Design thinking is for everyone, including nonprofits
Despite its roots in the for-profit sector, design thinking is a perfect tool for nonprofits to use to solve challenges in their organizations and communities. The need for design thinking in the nonprofit world is poised to grow as organizations start to think about how to more effectively make a difference, embracing change and innovation.
What is design thinking?
Design thinking draws upon imagination, intuition, logic and reasoning to explore and test the possibilities of what could be. It’s not so much art as it is a “way of thinking” that enables creative thought — (even and especially) in the work place.
As a framework, design thinking starts with people and the desire to create a better future, while acknowledging that it’s an ongoing process of testing and improvement. With real human needs at its core, design thinking allows organizations to design services, programs or products around the actual needs of stakeholders, or “users” by understanding their needs, wants, and limitations.
Empower everyone to be a designer
Design can improve an organization’s strategic decision-making, as well as increase the effectiveness of individual programs and services. And while not everyone can create beautiful websites or shiny products, everyone can ask questions, identify problems and create solutions.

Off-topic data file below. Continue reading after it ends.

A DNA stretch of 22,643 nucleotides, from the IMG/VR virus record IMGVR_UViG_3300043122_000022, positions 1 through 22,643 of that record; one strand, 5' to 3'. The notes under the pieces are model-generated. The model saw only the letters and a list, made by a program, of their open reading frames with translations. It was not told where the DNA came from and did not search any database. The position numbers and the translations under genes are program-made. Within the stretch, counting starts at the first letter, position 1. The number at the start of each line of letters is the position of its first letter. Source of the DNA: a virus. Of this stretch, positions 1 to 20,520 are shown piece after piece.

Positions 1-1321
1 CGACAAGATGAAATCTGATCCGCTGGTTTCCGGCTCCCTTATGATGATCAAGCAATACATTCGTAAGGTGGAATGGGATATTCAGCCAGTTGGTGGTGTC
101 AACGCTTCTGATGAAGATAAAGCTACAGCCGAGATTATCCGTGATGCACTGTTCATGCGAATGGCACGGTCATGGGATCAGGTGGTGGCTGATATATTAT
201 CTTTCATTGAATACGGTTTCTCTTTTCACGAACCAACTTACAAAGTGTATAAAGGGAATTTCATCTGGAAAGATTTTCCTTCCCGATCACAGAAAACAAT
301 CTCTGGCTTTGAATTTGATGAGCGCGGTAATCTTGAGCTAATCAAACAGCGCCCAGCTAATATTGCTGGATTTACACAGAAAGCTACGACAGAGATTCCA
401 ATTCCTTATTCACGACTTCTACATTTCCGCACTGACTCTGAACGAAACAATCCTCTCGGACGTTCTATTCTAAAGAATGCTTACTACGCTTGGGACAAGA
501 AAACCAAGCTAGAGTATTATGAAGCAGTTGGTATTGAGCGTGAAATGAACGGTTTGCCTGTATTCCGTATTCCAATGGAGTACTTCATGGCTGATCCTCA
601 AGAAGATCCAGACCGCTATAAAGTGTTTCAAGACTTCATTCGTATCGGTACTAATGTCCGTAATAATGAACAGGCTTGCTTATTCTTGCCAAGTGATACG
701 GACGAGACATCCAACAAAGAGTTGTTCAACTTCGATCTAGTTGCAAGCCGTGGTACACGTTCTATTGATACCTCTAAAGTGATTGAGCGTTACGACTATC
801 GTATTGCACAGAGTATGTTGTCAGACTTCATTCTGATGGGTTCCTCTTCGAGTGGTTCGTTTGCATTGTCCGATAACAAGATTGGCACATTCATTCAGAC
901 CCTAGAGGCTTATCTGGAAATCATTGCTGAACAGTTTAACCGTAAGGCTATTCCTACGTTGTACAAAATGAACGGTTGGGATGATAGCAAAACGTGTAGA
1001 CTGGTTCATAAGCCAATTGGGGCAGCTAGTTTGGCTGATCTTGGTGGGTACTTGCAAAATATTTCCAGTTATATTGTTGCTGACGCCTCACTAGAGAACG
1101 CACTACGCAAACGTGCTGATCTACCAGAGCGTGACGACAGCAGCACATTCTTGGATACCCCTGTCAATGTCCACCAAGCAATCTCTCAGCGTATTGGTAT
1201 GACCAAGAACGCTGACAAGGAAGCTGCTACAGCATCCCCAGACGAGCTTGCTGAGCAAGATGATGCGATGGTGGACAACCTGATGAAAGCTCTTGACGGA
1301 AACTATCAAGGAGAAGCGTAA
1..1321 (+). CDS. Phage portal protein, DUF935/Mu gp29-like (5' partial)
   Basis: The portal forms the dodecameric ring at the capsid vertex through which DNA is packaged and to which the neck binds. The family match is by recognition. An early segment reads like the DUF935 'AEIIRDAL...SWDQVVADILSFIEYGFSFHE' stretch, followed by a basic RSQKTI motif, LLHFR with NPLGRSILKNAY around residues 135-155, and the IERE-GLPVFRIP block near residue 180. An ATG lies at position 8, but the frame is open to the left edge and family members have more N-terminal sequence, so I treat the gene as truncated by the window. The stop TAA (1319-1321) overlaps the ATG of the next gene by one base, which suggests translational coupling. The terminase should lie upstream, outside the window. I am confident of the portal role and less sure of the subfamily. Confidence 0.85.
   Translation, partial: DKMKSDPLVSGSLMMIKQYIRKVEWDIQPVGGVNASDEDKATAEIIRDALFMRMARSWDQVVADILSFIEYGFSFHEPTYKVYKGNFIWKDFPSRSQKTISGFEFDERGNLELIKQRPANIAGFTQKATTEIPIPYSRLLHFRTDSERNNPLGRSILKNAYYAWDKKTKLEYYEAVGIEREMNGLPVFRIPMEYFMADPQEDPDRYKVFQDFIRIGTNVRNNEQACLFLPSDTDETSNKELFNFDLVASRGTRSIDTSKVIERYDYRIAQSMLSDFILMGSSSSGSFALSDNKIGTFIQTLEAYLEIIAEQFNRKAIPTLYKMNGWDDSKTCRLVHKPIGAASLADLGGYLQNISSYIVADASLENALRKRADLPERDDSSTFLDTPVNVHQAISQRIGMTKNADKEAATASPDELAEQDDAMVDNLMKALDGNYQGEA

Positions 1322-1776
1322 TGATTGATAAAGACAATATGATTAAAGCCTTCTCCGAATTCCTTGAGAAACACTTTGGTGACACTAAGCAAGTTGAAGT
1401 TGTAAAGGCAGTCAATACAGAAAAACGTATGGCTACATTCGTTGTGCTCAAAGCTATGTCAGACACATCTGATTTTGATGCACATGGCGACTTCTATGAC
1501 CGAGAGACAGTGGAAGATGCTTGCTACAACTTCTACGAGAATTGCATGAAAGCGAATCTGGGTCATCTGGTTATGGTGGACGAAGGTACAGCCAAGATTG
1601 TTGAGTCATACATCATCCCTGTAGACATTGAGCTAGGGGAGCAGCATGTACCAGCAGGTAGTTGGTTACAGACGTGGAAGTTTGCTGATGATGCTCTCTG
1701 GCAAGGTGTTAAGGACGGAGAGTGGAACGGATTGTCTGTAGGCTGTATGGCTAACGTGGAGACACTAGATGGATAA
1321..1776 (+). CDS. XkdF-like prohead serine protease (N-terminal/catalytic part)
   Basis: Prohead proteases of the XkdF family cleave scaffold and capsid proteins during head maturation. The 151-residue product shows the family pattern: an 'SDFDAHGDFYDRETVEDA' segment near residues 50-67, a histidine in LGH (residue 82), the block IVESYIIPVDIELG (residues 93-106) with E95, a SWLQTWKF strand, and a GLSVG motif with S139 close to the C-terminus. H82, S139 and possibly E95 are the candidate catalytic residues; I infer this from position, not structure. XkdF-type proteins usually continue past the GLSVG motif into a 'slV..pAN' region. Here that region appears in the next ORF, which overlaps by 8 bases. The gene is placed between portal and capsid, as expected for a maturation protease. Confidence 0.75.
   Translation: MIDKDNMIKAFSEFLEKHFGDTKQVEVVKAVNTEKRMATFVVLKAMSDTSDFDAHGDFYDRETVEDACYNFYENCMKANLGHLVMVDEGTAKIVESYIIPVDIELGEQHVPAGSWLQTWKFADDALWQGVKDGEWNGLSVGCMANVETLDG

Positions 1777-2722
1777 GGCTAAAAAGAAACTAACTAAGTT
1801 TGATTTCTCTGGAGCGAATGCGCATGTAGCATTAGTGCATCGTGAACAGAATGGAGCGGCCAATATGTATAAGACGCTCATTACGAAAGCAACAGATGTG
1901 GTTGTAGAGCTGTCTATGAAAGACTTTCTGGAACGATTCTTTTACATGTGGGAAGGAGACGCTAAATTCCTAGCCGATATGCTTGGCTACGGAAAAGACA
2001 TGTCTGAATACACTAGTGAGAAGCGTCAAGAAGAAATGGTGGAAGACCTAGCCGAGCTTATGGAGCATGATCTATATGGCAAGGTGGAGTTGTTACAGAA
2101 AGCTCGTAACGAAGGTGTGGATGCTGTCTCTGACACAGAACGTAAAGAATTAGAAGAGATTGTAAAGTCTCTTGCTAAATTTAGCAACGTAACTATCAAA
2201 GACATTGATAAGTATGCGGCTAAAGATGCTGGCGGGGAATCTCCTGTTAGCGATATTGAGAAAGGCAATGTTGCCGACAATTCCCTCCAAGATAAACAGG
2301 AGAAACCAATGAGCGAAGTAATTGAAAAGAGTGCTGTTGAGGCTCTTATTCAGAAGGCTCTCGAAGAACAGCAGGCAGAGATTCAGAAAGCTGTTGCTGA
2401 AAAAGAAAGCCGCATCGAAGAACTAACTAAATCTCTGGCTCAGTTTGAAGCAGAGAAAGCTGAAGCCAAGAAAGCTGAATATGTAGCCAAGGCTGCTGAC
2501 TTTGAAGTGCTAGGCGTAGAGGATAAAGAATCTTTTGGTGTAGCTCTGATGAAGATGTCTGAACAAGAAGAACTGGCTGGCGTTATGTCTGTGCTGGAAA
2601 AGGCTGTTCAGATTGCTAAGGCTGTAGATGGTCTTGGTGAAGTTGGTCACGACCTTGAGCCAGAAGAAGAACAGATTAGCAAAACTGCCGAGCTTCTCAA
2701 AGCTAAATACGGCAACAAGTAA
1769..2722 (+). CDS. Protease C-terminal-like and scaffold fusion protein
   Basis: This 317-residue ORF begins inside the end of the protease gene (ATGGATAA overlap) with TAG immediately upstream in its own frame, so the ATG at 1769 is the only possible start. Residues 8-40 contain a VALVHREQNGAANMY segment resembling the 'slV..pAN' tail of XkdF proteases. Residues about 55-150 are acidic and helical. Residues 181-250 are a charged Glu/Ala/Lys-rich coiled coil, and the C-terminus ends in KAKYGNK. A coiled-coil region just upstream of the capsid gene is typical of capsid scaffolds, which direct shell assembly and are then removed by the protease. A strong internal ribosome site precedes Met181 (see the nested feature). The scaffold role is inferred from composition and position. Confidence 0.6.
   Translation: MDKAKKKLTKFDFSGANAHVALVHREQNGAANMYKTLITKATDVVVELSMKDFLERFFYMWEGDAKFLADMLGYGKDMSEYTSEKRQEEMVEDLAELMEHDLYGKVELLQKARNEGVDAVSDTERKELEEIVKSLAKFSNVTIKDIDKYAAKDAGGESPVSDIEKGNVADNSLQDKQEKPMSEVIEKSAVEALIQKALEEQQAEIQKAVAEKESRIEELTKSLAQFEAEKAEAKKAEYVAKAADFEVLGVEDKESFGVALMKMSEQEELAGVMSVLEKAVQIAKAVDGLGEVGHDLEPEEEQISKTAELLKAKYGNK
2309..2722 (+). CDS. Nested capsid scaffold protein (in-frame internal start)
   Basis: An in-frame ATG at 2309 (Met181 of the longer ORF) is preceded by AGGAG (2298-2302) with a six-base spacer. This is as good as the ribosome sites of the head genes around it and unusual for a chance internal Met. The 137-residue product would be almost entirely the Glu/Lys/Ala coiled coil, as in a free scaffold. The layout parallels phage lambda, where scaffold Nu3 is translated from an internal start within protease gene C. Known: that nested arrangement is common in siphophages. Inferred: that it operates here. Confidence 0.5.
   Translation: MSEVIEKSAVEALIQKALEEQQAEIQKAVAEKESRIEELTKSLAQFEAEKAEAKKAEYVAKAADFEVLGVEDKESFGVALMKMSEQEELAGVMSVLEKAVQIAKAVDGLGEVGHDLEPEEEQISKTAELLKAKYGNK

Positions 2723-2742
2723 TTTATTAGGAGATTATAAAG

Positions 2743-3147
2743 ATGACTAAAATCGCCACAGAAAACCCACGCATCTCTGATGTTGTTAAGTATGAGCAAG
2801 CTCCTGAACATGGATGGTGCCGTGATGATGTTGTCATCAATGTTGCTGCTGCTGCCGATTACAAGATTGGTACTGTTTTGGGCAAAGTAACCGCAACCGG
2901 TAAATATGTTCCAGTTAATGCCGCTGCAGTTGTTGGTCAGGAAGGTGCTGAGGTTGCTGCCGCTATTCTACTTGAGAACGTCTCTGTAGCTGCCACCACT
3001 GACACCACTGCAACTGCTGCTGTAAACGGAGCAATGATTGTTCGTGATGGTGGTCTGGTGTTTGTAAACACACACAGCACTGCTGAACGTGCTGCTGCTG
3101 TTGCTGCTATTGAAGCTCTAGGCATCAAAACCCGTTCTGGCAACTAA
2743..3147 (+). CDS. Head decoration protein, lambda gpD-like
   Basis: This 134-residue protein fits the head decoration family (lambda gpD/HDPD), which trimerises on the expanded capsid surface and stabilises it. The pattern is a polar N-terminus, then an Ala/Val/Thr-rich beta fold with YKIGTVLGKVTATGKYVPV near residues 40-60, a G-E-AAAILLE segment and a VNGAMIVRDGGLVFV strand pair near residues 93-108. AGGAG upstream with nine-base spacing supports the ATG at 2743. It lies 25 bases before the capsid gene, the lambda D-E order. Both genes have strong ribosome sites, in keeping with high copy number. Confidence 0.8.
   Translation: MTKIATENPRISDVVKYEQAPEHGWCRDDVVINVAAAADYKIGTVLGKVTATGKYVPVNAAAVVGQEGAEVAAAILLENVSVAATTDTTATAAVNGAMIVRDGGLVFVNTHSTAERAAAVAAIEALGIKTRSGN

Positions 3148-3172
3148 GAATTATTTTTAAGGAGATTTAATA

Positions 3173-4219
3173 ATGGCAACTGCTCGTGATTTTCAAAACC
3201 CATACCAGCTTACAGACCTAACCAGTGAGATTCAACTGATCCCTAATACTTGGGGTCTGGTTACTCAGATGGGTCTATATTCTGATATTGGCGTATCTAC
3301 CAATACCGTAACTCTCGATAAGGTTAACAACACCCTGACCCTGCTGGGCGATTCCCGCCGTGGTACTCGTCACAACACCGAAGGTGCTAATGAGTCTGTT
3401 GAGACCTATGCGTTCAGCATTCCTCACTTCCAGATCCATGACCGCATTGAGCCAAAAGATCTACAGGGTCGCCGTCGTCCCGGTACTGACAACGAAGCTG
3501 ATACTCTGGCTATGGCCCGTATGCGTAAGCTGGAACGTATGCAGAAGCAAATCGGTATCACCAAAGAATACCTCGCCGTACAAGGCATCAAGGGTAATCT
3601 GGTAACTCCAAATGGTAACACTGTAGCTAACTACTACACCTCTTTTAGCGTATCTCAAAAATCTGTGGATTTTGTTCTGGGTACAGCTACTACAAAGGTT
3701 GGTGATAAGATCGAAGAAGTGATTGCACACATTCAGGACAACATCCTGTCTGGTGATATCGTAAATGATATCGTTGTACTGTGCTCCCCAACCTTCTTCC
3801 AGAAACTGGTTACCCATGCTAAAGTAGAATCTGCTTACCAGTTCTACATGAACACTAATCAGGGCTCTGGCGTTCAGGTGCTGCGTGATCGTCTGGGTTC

As Tim Brown of IDEO says, “Design is everywhere, inevitably everyone is a designer.” Strong critical thinking and creative problem skills are key as workplace needs continue to evolve. By fostering the idea of everyone is a designer and that change is integral to design, nonprofits will be better positioned to keep pace with the changing nature of social impact.
Improve programming by involving stakeholders
Non-profits are used to asking community members or beneficiaries to give feedback on what they do and how well they’re doing it. But surveys and word-of-mouth aren’t always enough. Especially when critical issues could have been solved by getting feedback earlier or more often. Organizations can easily fall into the trap of routine — providing services but not truly meeting the needs of those they serve.
A design thinking approach to service not only gives stakeholders more value, but it also gives them a sense of participation. Better feedback helps organizations understand how the people they’re serving respond to everything from website sign-up forms, to client intake meetings to donor fundraising appeals. Getting the experience right can be the difference between providing services and empowering people.
Measure success with better data
Just like companies and government agencies, data holds the potential for incredible learning and knowledge for non-profits. Measuring data is a key component of design thinking, and more non-profits are seeing the value of data analysis through deep engagement with stakeholders. While most nonprofits gather metrics on how their programs and services are performing, how the data is analyzed can be improved. Better understanding the people who support and benefit from their work, means better impact. Armed with data analysis rooted in stakeholder feedback, non-profits can stay efficient and effective, even with limited resources.